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What’s got boaters stirred up about new Lake Lanier bridge
An orange traffic barrel hanging from the new Boling Bridge Monday, April 22, 2019, is to indicate to boaters the width of the concrete pillar hidden just below the water line. The area surrounding the bridge is also a no wake zone. Boaters have expressed concerns on social media that concrete aprons on pilings at the new Boling Bridge were poured at too low an elevation and could pose a safety threat. - photo by Scott Rogers FCN regional staff

Motorists may enjoy driving across the new Boling Bridge on Lake Lanier, but for boaters under the structure spanning the Chestatee River, all isn’t smooth sailing.

The issue centers around the elevation of a concrete block known as a footing that extends outward from each of the bridge’s columns supporting the structure. The bridge is off Dawsonville Highway/Ga. 53 at the Hall-Forsyth County line.

“As soon as the water (level) gets to around the top of (the footing), it’s hard to see,” said Clyde Morris, attorney for Gainesville-based Lake Lanier Association. “When the water is over it and (the footing) is underwater, you can’t see it at all, and that’s a boating hazard.”

During a visit by The Times to the bridge on Monday, April 22, when the lake was at 1,073.51 feet above sea level, at least one of the footings was underwater. The lake’s summer full pool is 1,071 feet and winter full pool is 1070 feet.

“I’d say they ought to have it up higher than 1,077, maybe at 1,078 feet,” Morris said.

The contract with the bridge builder, Scott Bridge, called for footings to be poured 1 foot above summer full pool, or at 1,072 feet, Georgia Department of Transportation district spokeswoman Katie Strickland said.

“However, as we worked with the contractor, a supplemental agreement was (reached) to go 2 feet above full pool,” she said.

The elevation was settled on by the contractor, DOT and Army Corp of Engineers, Strickland said.

The footings ended up with an elevation of 1,073.19 to 1,073.48 feet.

“We had our survey team shoot them with a laser instrument, and those were the findings,” Strickland said.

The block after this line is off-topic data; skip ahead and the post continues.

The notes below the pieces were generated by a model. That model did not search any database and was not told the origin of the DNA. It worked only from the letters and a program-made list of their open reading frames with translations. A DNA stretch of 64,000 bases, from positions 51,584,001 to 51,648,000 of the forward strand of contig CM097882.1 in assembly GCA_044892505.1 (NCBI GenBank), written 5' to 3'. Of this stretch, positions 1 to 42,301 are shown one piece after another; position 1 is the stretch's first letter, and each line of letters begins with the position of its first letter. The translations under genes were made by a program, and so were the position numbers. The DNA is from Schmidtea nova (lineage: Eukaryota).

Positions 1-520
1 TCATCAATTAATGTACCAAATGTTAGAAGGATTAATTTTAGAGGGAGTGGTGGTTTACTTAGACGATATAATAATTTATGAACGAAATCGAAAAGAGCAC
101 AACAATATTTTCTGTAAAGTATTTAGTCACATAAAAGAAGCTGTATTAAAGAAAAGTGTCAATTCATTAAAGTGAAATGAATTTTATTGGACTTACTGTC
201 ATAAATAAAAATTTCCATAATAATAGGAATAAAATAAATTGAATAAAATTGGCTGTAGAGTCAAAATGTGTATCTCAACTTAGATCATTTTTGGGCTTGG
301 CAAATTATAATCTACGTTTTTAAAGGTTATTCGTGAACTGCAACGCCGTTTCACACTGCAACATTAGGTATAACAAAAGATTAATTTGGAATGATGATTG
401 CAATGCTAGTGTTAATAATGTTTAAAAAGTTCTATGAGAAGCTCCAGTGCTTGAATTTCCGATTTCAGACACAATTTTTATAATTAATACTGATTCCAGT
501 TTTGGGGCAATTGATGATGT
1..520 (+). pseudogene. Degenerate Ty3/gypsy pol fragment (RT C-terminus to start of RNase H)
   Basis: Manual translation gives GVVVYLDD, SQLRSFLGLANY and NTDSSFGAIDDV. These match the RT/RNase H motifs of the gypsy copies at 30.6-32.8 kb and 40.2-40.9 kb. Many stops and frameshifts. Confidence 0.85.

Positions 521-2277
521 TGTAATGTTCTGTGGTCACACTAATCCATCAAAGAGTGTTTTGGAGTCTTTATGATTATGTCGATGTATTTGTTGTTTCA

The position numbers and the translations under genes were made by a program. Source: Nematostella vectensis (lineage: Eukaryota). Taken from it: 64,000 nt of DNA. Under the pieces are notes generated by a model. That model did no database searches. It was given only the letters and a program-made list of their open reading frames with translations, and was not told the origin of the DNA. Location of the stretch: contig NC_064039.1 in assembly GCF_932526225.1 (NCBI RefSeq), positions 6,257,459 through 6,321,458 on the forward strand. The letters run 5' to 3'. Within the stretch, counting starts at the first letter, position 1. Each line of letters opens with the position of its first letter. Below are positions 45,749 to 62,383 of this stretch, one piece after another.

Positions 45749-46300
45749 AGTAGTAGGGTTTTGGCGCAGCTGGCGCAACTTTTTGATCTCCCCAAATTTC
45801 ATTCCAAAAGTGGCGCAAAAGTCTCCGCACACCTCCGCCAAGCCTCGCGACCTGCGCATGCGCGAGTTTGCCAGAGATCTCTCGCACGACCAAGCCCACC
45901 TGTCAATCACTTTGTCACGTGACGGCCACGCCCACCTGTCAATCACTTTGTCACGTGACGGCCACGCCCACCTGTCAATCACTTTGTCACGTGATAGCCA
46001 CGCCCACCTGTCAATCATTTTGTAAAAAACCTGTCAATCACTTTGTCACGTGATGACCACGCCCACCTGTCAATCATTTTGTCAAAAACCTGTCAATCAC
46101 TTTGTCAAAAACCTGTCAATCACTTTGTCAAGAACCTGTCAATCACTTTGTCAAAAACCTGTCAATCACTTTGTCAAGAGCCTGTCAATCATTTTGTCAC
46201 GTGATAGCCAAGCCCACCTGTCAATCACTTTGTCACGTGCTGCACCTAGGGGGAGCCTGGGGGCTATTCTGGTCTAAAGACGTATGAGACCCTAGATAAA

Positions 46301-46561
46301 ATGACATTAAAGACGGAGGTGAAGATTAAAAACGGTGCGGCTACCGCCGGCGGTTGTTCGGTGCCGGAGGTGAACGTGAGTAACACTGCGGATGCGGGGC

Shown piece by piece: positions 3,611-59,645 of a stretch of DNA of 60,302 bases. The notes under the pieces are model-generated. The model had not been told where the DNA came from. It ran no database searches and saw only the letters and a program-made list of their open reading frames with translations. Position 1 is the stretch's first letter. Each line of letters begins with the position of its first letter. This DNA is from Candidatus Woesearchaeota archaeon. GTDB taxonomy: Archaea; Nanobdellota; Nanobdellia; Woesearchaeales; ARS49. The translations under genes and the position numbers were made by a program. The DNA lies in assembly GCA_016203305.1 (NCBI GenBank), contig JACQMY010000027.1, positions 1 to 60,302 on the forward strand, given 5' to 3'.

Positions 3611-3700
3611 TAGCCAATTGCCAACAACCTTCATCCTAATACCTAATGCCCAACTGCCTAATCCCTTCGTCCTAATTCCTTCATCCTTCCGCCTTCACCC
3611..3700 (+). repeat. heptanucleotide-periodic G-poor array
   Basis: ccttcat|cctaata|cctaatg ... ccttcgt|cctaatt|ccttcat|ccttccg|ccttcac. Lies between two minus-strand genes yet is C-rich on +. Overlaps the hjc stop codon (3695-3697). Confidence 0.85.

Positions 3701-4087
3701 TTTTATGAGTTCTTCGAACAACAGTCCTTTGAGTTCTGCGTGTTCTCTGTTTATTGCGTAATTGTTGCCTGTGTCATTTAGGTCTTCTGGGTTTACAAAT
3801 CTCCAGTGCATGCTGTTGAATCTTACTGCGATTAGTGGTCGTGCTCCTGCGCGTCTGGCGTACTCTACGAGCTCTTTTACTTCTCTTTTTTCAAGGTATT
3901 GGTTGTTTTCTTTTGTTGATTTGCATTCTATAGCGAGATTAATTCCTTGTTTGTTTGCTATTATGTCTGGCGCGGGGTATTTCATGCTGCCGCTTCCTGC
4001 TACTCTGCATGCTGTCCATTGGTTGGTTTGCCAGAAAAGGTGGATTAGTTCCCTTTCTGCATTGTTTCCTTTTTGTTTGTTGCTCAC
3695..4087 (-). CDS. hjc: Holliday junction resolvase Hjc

The DOT said it’s working to better pinpoint the footings by temporarily hanging orange construction barrels — the ones you find at road construction projects — above them from the bottom of the bridge.

The barrels “were placed to help delineate where the … footings are located,” Strickland said.

Reflective signs saying “Stay 20 feet clear” “will be installed in the next few weeks on the columns,” she said.

The no-wake zone that was in place during construction — meaning boaters could travel at idle speeds only while near the bridge — was still in place last week.

At some point, the Georgia Department of Natural Resources and the corps “will jointly re-evaluate and determine … whether the no-wake zone stays or is removed,” said Mark McKinnon, spokesman for DNR’s Law Enforcement Division.

Still, even while idling, hitting one of the footings can cause a lot of damage to a boat, said Joanna Cloud, Lake Lanier Association’s executive director.

“This is a personal property concern, a personal safety concern,” she said.

Morris described the reflective signs as “merely a good first step” and that he would like to see “some type of guard put up there, so boats simply cannot get hung up there.”

He said he would like to see the same design not repeated in future bridge projects, including Browns Bridge, which runs along Browns Bridge Road/Ga. 369 and is also at the Hall-Forsyth line.

The $27.2 million replacement of Browns Bridge is about halfway complete, Strickland said. It is scheduled to be finished April 30, 2020.

That project also has run afoul with boaters, who have complained on social media that their vessels were damaged by construction materials that were underwater.

“That raised the urgency issue (about boating safety)” on the lake, and prompted a meeting between the lake group and DOT, Morris said.

The Lake Lanier Association “is working with GDOT to devise appropriate solutions for the (footings) at both Boling Bridge and Browns Bridge,” he said.

Strickland said she learned about the Browns Bridge incident through someone posting boat damage photos on Facebook.

“However, I do not know of any damage claim forms the (DOT) had received,” she said.

Strickland did note the elevation for the top of the footers at Browns Bridge will be 1074.5 feet.

Boling and Browns bridges are part of a string of bridges on Lanier being replaced by the DOT. The bridges date back to the 1950s, when the lake was being built by the corps.


A boats eases along Lake Lanier Monday, April 22, 109, under the new Boling Bridge. Boaters have expressed concerns on social media that concrete aprons on pilings at the new Boling Bridge were poured at too low an elevation and could pose a safety threat. - photo by Scott Rogers